using one P2RG gate and one Fredkin gate. In Fig.4, the circuit has three inputs A, B, Cin and a control line Ctrl which will control mode of operation. If Ctrl= 0, it will work as a full adder else it would function as a full subtractor. It has 2 constant inputs, C is set to 0 and E can be set to either 0 or 1. The basic Boolean expressions for sum/diﬀerence, carry and borrow are given below for full adder and subtractor:
TABLE I: Truth Table of P2RG Gate A 0 0 0 0 0 0 0 0 0 0 0 0 0 0 0 0 1 1 1 1 1 1 1 1 1 1 1 1 1 1 1 1
B 0 0 0 0 0 0 0 0 1 1 1 1 1 1 1 1 0 0 0 0 0 0 0 0 1 1 1 1 1 1 1 1
C 0 0 0 0 1 1 1 1 0 0 0 0 1 1 1 1 0 0 0 0 1 1 1 1 0 0 0 0 1 1 1 1
D 0 0 1 1 0 0 1 1 0 0 1 1 0 0 1 1 0 0 1 1 0 0 1 1 0 0 1 1 0 0 1 1
E 0 1 0 1 0 1 0 1 0 1 0 1 0 1 0 1 0 1 0 1 0 1 0 1 0 1 0 1 0 1 0 1
P 0 0 0 0 0 0 0 0 0 0 0 0 0 0 0 0 1 1 1 1 1 1 1 1 1 1 1 1 1 1 1 1
Q 0 0 1 1 1 1 0 0 1 1 0 0 0 0 1 1 1 1 0 0 1 1 0 0 0 0 1 1 0 0 1 1
R 0 0 0 0 1 1 0 0 0 0 1 1 1 1 1 1 0 0 1 1 1 1 0 0 1 1 1 1 0 0 0 0
S 0 0 1 1 1 1 1 1 0 0 0 0 1 1 0 0 1 1 1 1 0 0 0 0 0 0 1 1 1 1 0 0
T 0 1 1 0 0 1 1 0 0 1 1 0 0 1 1 0 0 1 1 0 1 0 0 1 0 1 1 0 1 0 0 1
(Sum/Di f f erence = (A ⊕ B ⊕ Cin)) (Carry = ((A ⊕ B).Cin) ⊕ AB)) (Borrow = ((A) .B) ⊕ (((A ⊕ B) ).Cin)) Proposed circuit is optimized in terms of number of constant inputs and garbage outputs. Fig.4 shows the implementation of parity preserving full adder/subtractor in which g1, g2, g3 and g4 are garbage outputs.
Fig. 4: Parity Preserving Full Adder/Subtractor using P2RG gate
at logic 0, the circuit will act as half adder and when ctrl is at logic 1, the circuit will act as half subtractor. It will give three constant inputs and four garbage bits g1 to g4. Boolean expressions to realize the functionality of half adder and half subtractor are given below:
C. Parity Preserving 8-bit Parallel Adder/Subtractor An n-bit parallel adder/subtractor will need a chain of (n-1) full adders/subtractor and one half adder/subtractor. Therefore 8-bit parity preserving parallel adder/subtractor is designed by using one parity preserving half adder/subtractor (P2RG HAS) and seven parity preserving full adder/subtractor (P2RG FAS). It has two 8-bit numbers which are A0 to A7 and B0 to B7 as inputs and a control line ctrl which will control the mode of operation. When ctrl line is set at logic 0, the circuit will perform 8-bit addition operation and when ctrl line is set at logic 1, the circuit will perform 8-bit subtraction. The Carry/Borrow received after addition/subtraction is represented by C1/B1 to C7/B7.Output carry/borrow of each block, i.e. C1/B1 to C7/B7 will be the third input for the next block. The outputs, Sum/Diﬀerence and Carry/Borrow are shown in the Fig.5 as S0/D0 to S7/D7 and C8/B8 respectively. Fig.5 shows the parity preserving 8-bit parallel adder/subtractor.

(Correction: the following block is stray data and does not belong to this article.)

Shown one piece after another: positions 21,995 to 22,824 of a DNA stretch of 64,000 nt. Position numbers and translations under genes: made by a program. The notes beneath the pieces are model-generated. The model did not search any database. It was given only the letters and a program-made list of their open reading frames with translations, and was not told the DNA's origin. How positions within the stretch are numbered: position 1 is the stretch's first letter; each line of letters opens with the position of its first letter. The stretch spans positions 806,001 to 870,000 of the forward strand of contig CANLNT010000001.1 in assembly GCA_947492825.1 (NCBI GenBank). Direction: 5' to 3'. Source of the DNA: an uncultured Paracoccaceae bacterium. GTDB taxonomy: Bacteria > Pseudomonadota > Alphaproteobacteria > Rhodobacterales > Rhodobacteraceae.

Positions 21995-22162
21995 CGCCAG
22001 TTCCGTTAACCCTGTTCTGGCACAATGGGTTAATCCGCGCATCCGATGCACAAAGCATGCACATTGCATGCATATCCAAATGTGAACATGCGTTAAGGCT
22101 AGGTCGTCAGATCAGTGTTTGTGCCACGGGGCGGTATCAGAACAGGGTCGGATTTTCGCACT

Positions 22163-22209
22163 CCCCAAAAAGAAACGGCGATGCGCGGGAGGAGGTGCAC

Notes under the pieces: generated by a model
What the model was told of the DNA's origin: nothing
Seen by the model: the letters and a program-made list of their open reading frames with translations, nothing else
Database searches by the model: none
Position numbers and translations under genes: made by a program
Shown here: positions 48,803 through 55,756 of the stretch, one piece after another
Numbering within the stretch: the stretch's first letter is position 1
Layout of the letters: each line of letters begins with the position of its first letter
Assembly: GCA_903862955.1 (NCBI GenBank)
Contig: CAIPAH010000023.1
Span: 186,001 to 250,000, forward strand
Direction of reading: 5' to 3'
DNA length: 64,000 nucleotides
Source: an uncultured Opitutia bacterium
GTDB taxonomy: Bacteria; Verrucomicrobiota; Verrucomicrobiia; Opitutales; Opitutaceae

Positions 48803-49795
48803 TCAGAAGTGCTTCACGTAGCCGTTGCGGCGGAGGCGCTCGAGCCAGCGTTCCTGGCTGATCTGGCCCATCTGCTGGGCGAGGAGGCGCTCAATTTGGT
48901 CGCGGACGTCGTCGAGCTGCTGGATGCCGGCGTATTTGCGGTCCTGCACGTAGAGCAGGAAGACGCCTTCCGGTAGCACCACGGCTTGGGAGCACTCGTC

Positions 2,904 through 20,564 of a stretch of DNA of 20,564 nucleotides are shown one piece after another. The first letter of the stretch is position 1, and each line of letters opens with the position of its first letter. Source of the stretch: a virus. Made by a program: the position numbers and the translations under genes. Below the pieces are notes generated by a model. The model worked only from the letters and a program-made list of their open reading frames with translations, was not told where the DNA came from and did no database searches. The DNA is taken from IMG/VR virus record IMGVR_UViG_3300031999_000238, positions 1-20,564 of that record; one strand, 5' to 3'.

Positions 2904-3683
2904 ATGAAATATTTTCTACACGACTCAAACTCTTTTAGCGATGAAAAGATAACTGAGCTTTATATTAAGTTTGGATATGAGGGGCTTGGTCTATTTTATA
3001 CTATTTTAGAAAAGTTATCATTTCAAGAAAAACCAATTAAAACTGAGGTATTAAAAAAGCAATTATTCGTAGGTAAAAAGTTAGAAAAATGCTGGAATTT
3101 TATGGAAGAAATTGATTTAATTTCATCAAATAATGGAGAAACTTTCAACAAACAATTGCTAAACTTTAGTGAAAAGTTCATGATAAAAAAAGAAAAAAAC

Sum/Di f f erence = A ⊕ B Carry = AB Borrow = A B
Fig. 3: Parity Preserving Half Adder/Subtractor using P2RG gate
B. Parity Preserving Full Adder/Subtractor
In previous sections, an approach for designing parity preserving reversible full adder/subtractor has been discussed. Then an approach for parity preserving 8-bit parallel reversible full adder/subtractor has been discussed.
Many adder designs using reversible gates by several authors have been studied. The proposed design will work as adder as well as subtractor on a single unit. The parity preserving full adder/subtractor is realized
Fig. 5: Parity Preserving 8-Bit Adder/Subtractor using P2RG gate In this section, evaluation of the proposed circuits with the help of the comparative results is presented. Table II represents that the performance of proposed parity preserving reversible full adder circuit is better compared to existing counterparts. This design has been optimized in terms of constant inputs, garbage outputs and area. For area calculation, CMOS realization is done in Microwind by using 90nm technology node. Table III shows that performance of parity preserving 8-bit parallel adder/subtractor is better than existing designs.